A martyr is someone who suffers persecution and death for advocating, refusing to renounce, or refusing to advocate a belief or cause as demanded by an external party. This refusal to comply with the presented demands results in the punishment or execution of the martyr by the oppressor. Applied only to those who suffered for their religious beliefs, the term has come to be used in connection with people killed for a political cause. Most martyrs are considered holy or are respected by their followers, becoming symbols of exceptional leadership and heroism in the face of difficult circumstances. Martyrs play significant roles in religions. Martyrs have had notable effects in secular life, including such figures as Socrates, among other political and cultural examples. In its original meaning, the word martyr, meaning witness, was used in the secular sphere as well as in the New Testament of the Bible; the process of bearing witness was not intended to lead to the death of the witness, although it is known from ancient writers and from the New Testament that witnesses died for their testimonies.
During the early Christian centuries, the term acquired the extended meaning of believers who are called to witness for their religious belief, on account of this witness, endures suffering or death. The term, in this sense, entered the English language as a loanword; the death of a martyr or the value attributed. The early Christians who first began to use the term martyr in its new sense saw Jesus as the first and greatest martyr, on account of his crucifixion; the early Christians appear to have seen Jesus as the archetypal martyr. The word martyr is used in English to describe a wide variety of people. However, the following table presents a general outline of common features present in stereotypical martyrdoms. In the Bahá'í Faith, martyrs are those who sacrifice their lives serving humanity in the name of God. However, Bahá'u'lláh, the founder of the Bahá'í Faith, discouraged the literal meaning of sacrificing one's life. Instead, he explained. Martyrdom was extensively promoted by the Kuomintang party in modern China.
Revolutionaries who died fighting against the Qing dynasty in the Xinhai Revolution and throughout the Republic of China period, furthering the cause of the revolution, were recognized as martyrs. In Christianity, a martyr, in accordance with the meaning of the original Greek martys in the New Testament, is one who brings a testimony written or verbal. In particular, the testimony is that of the Christian Gospel, or more the Word of God. A Christian witness is a biblical witness. However, over time many Christian testimonies were rejected, the witnesses put to death, the word martyr developed its present sense. Where death ensues, the witnesses follow the example of Jesus in offering up their lives for truth; the concept of Jesus as a martyr has received greater attention. Analyses of the Gospel passion narratives have led many scholars to conclude that they are martyrdom accounts in terms of genre and style. Several scholars have concluded that Paul the Apostle understood Jesus' death as a martyrdom.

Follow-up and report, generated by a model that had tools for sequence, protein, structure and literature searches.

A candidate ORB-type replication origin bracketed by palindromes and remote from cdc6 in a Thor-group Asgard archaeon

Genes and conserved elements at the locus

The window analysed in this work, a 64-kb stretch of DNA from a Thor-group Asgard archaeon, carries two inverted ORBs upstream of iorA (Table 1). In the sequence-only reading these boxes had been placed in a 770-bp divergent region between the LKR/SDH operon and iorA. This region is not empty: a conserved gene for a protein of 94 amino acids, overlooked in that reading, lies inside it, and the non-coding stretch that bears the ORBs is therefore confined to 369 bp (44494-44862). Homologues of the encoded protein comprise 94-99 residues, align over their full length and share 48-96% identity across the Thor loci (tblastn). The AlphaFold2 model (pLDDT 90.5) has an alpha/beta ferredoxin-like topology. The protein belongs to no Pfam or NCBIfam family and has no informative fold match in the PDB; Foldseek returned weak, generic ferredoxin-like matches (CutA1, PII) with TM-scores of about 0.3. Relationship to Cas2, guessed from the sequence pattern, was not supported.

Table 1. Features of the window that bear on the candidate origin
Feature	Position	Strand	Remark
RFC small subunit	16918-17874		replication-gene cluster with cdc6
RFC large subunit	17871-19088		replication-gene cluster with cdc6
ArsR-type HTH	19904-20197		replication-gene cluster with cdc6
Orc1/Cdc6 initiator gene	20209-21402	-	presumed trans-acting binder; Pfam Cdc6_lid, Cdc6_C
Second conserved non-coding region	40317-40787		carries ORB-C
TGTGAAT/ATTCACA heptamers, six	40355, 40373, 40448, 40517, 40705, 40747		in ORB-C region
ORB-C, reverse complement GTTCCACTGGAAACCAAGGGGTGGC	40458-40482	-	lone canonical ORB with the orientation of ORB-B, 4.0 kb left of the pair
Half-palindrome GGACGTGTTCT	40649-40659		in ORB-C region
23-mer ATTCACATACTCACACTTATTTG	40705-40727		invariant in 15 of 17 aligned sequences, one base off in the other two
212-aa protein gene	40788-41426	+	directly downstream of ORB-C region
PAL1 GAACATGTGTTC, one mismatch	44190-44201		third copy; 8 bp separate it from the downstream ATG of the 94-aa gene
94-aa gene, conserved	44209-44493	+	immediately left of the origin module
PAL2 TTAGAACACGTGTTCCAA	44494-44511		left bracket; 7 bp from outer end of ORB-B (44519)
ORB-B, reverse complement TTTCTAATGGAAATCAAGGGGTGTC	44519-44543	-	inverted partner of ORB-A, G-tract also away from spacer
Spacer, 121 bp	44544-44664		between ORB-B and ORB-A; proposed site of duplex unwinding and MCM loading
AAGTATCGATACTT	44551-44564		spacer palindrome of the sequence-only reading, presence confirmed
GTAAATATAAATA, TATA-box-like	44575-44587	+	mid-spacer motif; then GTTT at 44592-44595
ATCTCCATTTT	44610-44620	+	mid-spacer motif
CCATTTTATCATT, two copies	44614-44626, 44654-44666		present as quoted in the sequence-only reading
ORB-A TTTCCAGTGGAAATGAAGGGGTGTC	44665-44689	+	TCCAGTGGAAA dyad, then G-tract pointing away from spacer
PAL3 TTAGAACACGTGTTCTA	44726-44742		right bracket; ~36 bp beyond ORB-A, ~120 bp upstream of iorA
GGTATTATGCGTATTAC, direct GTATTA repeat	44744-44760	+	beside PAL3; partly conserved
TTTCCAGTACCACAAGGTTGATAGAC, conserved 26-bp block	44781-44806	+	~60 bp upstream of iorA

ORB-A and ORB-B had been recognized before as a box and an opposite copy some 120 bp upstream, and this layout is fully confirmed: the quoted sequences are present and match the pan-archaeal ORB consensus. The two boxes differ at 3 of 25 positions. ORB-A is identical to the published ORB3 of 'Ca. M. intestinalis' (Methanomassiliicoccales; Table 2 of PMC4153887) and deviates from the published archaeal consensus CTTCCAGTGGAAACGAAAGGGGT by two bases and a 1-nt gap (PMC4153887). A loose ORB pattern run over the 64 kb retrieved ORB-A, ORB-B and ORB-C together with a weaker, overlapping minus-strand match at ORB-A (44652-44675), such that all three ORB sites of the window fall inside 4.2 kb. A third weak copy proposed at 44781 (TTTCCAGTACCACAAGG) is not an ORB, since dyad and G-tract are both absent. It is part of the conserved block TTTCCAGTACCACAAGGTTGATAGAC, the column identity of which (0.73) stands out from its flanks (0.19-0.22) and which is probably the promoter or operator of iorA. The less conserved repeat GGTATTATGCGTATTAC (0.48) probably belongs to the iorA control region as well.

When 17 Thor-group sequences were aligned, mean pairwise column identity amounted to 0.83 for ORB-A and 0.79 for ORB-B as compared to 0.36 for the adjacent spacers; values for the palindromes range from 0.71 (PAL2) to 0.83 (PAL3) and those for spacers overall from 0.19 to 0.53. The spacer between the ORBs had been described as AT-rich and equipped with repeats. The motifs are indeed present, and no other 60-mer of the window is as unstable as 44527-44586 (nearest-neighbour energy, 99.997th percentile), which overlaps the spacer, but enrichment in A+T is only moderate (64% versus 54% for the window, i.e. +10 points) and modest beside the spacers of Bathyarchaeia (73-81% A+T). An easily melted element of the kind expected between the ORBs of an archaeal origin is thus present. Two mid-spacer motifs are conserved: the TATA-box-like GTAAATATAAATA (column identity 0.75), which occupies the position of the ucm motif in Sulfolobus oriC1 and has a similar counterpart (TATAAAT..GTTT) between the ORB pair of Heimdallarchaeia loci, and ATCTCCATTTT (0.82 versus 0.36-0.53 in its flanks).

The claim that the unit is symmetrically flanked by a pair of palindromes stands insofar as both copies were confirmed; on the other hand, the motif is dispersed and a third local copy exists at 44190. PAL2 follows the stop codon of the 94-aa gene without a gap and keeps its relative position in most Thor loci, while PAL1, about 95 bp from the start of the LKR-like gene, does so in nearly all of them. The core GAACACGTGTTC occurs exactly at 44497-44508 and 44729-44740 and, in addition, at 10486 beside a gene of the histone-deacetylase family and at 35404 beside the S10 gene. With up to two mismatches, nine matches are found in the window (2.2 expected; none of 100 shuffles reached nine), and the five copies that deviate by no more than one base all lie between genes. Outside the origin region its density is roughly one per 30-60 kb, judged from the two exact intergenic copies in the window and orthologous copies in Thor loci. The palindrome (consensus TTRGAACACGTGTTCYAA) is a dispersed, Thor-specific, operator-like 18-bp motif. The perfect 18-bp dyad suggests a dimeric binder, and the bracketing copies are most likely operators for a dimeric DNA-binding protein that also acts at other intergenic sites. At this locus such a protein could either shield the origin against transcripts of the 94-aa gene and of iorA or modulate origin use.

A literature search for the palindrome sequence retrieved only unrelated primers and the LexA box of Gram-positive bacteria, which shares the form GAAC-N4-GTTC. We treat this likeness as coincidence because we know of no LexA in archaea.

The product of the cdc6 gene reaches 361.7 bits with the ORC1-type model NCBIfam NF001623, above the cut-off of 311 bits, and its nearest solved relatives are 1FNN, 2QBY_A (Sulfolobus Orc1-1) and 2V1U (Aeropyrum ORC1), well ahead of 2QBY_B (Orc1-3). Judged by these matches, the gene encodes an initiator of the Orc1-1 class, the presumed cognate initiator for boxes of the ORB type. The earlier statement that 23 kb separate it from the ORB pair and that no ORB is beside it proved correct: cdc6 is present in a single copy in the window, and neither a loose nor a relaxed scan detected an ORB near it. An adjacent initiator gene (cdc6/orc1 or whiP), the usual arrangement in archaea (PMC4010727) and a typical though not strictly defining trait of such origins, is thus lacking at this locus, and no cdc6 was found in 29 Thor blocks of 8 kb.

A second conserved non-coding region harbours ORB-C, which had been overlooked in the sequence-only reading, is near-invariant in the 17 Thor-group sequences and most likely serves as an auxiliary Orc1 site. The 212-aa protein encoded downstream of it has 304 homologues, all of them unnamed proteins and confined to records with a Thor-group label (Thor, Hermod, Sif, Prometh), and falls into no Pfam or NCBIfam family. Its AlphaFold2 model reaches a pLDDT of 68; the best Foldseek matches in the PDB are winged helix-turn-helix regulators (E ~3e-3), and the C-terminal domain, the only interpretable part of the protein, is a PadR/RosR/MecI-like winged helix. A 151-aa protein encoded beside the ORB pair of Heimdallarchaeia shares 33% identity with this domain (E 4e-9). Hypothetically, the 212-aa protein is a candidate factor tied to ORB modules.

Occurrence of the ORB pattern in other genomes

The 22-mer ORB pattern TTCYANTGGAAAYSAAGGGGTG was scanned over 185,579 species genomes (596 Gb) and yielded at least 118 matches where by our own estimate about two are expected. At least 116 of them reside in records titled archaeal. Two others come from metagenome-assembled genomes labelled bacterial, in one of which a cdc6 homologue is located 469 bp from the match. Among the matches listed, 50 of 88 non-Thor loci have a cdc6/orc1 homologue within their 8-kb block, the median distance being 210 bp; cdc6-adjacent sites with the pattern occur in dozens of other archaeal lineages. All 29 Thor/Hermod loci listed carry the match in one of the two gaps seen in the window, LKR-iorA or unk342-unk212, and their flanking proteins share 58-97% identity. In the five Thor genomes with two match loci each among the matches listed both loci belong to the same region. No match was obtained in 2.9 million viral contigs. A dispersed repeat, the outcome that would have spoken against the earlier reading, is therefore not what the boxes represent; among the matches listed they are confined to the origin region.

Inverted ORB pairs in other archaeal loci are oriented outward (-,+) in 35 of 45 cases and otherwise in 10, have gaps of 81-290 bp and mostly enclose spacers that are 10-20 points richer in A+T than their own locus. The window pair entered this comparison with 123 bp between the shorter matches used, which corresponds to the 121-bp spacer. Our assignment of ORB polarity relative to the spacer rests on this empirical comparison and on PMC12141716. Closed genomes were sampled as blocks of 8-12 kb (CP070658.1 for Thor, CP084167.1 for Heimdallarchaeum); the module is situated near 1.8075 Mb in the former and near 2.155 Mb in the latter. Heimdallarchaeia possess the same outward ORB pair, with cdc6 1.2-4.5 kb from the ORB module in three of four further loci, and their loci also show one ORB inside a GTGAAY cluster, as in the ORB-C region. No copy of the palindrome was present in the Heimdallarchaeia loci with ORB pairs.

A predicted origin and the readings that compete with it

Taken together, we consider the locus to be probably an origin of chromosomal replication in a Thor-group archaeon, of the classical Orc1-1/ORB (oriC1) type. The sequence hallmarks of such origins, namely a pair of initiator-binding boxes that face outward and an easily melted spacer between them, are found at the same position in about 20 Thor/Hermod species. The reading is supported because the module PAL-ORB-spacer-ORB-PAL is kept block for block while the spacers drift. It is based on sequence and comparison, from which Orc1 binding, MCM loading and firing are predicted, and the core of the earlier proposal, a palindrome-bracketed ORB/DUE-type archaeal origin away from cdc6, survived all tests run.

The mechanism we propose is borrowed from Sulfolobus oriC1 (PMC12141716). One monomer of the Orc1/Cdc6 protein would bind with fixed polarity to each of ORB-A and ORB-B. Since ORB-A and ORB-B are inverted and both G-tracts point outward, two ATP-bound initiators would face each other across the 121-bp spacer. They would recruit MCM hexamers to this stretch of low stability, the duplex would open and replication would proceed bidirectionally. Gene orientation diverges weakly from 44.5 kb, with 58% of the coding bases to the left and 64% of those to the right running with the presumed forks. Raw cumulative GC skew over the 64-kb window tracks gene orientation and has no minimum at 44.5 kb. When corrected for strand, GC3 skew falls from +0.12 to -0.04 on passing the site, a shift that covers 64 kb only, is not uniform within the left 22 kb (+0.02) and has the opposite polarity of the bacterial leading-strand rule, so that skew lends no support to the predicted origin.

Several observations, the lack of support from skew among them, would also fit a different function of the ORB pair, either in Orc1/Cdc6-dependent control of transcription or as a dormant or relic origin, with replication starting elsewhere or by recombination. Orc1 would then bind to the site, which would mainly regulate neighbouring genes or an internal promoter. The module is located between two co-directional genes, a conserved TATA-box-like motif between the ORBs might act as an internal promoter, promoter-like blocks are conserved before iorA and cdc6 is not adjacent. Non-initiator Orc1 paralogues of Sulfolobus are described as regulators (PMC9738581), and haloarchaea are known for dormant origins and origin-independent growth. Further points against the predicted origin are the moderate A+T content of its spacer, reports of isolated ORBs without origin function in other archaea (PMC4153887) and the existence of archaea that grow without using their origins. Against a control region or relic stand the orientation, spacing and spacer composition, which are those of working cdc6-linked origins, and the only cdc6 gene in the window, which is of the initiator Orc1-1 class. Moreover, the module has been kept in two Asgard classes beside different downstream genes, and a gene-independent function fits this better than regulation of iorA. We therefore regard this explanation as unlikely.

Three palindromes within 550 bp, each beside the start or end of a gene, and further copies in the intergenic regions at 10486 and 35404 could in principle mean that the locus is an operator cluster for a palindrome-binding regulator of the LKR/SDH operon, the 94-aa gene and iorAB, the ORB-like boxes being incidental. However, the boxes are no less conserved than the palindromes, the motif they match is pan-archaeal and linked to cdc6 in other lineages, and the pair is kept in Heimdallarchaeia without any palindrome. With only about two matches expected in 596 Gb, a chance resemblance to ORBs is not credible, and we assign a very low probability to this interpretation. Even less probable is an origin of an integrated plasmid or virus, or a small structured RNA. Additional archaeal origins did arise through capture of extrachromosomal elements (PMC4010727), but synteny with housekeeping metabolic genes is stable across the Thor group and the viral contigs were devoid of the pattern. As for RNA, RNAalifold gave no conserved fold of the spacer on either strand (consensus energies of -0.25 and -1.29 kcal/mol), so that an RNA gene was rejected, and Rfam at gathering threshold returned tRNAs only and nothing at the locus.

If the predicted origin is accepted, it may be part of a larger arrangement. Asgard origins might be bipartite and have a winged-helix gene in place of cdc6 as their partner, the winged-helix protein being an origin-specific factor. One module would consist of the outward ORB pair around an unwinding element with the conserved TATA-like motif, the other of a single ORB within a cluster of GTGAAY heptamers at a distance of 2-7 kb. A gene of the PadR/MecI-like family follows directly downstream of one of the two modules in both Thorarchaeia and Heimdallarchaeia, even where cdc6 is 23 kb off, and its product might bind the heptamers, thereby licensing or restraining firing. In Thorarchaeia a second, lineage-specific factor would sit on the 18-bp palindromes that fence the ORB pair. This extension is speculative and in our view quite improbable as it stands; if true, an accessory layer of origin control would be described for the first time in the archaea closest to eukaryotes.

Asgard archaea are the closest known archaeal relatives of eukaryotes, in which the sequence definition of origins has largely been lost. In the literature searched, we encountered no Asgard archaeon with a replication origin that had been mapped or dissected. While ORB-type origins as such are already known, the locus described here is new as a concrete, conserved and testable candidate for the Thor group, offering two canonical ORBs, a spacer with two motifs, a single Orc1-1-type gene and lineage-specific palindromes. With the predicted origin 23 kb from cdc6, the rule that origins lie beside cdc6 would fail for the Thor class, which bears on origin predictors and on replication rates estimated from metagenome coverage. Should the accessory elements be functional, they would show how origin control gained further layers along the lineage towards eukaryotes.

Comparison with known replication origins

In light of such conclusions, some have argued that the Christians of the first few centuries would have interpreted the crucifixion of Jesus as a martyrdom. In the context of church history, from the time of the persecution of early Christians in the Roman Empire, it developed that a martyr was one, killed for maintaining a religious belief, knowing that this will certainly result in imminent death; this definition of martyr is not restricted to the Christian faith. Though Christianity recognizes certain Old Testament Jewish figures, like Abel and the Maccabees, as holy, the New Testament mentions the imprisonment and beheading of John the Baptist, Jesus's possible cousin and his prophet and forerunner, the first Christian witness, after the establishment of the Christian faith, to be killed for his testimony was Saint Stephen, those who suffer martyrdom are said to have been "crowned." From the time of Constantine, Christianity was decriminalized, under Theodosius I, became the state religion, which diminished persecution.
As some wondered how they could most follow Christ there was a development of desert spirituality, desert monks, self-mortification, following Christ by separation from the world. This was a kind of white martyrdom, dying to oneself every day, as opposed to a red martyrdom, the giving of one's life in a violent death. In Christianity, death in sectarian persecution can be viewed as martyrdom. For example, there were martyrs recognised on both sides of the schism between the Roman Catholic Church and the Church of England after 1534, with two hundred and eighty Christians martyred for their faith by public burning between 1553 and 1558 by the Roman Catholic Queen Mary I in England leading to the reversion to the Church of England under Queen Elizabeth I in 1559 and three hundred Roman Catholics martyred by the Church authorities in England over the following hundred and fifty years in the sixteenth and seventeenth centuries. More modern day accounts of martyrdom for Christ exist, depicted in books such as Jesus Freaks though the numbers are disputed.
There are claims that the numbers of Christians killed for their faith annually are exaggerated. Despite the promotion of ahimsa within Sanatana Dharma